First the peak of the raised cosine function is detected from the received baseband data.

Figure 34: Peak Detection for further signal processing

The received constellation for each antenna is shown in the following figure.

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Figure 35: Received Constellations at the two antennas

Then the channel is estimated using the 8 training symbols. Once the channel is estimated, the receiver side processing is carried out to decompose the original symbols. The transmitted and estimated symbols are shown in figure 36.

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Figure 36Constellation Diagram for the two sub streams

Finally the Bit Error Rate (BER) is calculated by comparing the bit streams. BER performances are evaluated with different SNR levels. Figure 37 shows a comparison of BER performances with SNR for three scenarios.

Beam Space (BS) MIMO Simulation Traditional MIMO Transmission OTA MIMO Transmission with 3-Element ESPAR

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Figure 37: BER Comparison for the three scenarios

44

6 Conclusion and Future Work

Firstly the traditional 2x2 MIMO transmission was verified using the MIMO testbed. Thereafter, 2x2 MIMO transmission with antenna switching was tested and verified with two omni directional antennas placed at the transmitter. Finally a threeelement ESPAR antenna is used at the transmitter and the 2x2 MIMO transmission was validated. The BER performance of over-the-air MIMO transmission using the three-element ESPAR antenna is similar to the traditional 2x2 MIMO and Beam Space MIMO simulation results. So that it can be concluded that, MIMO transmission with three-element ESPAR antenna placed at the transmitter and traditional two elements ULA placed at the receiver is possible. This can make a good impact on the future mobile transmission.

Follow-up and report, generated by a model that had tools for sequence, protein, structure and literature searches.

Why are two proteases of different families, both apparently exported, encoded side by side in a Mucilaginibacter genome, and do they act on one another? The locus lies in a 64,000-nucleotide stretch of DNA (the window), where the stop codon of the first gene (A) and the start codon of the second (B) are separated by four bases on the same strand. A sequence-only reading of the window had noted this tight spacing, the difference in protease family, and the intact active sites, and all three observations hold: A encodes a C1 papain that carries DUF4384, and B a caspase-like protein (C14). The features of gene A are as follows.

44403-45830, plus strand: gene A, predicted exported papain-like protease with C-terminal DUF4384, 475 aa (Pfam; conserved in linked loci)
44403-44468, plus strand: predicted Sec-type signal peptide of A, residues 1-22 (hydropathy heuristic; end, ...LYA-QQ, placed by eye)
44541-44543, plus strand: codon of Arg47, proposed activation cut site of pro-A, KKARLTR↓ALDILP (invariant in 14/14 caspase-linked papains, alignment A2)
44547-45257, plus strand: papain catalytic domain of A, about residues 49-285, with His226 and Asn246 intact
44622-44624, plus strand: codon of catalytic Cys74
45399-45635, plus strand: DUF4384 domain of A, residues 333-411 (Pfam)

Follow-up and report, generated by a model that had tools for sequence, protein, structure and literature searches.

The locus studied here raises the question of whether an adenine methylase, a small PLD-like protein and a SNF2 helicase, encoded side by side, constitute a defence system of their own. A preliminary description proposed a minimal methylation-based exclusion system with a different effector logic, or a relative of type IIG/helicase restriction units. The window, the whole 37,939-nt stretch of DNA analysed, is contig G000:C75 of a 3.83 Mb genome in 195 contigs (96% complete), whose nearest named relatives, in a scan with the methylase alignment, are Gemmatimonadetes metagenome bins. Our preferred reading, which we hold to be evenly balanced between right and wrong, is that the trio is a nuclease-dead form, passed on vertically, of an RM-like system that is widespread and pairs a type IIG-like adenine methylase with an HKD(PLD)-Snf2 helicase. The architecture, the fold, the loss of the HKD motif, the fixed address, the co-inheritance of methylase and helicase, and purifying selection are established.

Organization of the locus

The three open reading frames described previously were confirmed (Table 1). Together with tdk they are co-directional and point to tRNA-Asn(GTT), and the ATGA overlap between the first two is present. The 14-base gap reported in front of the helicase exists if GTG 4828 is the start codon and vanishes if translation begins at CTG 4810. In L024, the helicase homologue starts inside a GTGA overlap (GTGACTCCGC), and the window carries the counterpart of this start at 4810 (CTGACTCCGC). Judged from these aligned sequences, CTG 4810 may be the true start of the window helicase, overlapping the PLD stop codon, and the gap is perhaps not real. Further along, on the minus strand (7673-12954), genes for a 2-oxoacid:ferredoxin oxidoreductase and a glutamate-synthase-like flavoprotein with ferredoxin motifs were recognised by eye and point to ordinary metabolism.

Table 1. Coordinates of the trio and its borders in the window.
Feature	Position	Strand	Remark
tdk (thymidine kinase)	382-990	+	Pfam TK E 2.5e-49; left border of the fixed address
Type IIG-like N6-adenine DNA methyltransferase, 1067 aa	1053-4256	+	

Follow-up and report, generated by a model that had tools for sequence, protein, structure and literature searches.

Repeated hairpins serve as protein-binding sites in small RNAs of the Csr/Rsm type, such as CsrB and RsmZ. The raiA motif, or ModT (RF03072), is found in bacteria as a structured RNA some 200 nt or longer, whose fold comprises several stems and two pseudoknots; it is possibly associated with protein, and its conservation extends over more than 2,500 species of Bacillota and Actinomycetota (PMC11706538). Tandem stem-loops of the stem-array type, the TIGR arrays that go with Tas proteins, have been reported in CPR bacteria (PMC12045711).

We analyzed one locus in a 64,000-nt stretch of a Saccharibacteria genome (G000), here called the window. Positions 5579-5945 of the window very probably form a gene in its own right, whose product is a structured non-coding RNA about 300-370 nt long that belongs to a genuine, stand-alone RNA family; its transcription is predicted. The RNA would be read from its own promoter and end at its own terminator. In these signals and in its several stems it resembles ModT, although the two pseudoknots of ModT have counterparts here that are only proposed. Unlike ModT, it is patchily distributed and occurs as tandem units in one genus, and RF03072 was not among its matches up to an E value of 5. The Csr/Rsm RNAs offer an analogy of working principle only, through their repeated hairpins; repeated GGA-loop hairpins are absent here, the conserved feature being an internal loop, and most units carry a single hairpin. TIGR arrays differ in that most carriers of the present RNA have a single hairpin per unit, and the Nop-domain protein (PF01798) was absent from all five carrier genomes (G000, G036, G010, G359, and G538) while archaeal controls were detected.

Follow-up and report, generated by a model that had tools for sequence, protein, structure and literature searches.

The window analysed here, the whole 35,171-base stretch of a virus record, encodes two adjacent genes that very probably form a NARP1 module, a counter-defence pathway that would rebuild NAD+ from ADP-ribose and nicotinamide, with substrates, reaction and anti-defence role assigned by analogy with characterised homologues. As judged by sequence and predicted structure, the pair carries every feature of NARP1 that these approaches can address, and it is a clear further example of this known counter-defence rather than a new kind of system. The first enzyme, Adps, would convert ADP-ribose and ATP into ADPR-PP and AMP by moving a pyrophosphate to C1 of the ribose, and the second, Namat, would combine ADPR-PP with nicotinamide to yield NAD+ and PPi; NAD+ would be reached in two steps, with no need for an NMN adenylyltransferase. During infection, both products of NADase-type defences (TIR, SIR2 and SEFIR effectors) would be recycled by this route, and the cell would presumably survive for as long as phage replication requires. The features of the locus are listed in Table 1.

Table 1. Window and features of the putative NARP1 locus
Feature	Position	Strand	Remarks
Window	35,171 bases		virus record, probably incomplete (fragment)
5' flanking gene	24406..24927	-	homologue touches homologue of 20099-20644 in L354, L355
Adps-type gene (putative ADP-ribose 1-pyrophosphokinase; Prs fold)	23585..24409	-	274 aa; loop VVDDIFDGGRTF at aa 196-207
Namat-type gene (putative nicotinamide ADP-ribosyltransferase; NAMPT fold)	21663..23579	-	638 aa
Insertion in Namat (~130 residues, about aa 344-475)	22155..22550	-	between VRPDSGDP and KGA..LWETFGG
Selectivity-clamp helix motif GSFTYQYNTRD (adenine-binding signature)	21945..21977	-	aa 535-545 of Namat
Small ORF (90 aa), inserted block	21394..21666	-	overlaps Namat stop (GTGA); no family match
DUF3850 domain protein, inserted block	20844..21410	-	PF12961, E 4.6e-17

The immediate next step would be to make the testbed work for real-time data processing. So that the received constellation, BER, and other characteristics can be observed dynamically. The testbed can even be used to verify other phenomenon such as transmitter diversity and aerial modulation. Due to the high capacity available for each channel, the testbed can be used for experiments with multimedia communication as well.

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REFERENCES
1. A Novel Approach to MIMO Transmission Using a Single RF Front End , Antonis Kalis, Athanasios G Kanatas and Constantinos B Papadias, IEEE Journal on Selected Areas in Communications, Vol 26, Issue. 6, August 2008, Digital Object Identifier 10.1109/JSAC.2008.080813 2. MIMO Transmission and Reception Techniques Using Three-Element ESPAR Antennas Osama N. Alrabadi, Constantinos B. Papadias, Antonis Kalis, Nicola Marchetti, and Ramjee Prasad. IEEE COMMUNICATIONS LETTERS, VOL. 13, NO. 4, APRIL 2009. Digital Object Identifier 10.1109/LCOMM.2009.082190 3. Foschini, G.J Layered space-time architecture for wireless communication in a fading environment when using multiple antennas, Bell Lab. Tech. J.,vol. 1,N. 2, pp. 4159, 1996 4. Spatial multiplexing by decomposing the far-field of a compact ESPAR antenna, Osama N Alrabadi, Antonis Kalis, Constantinos B Papadias and Athanasios G Kanatas, 19th IEEE International symposium on Personal, Indoor and Mobile Radio Communications, 2008, 1-5 pg, Digital Object Identifier 10.1109/PIMRC.2008.4699495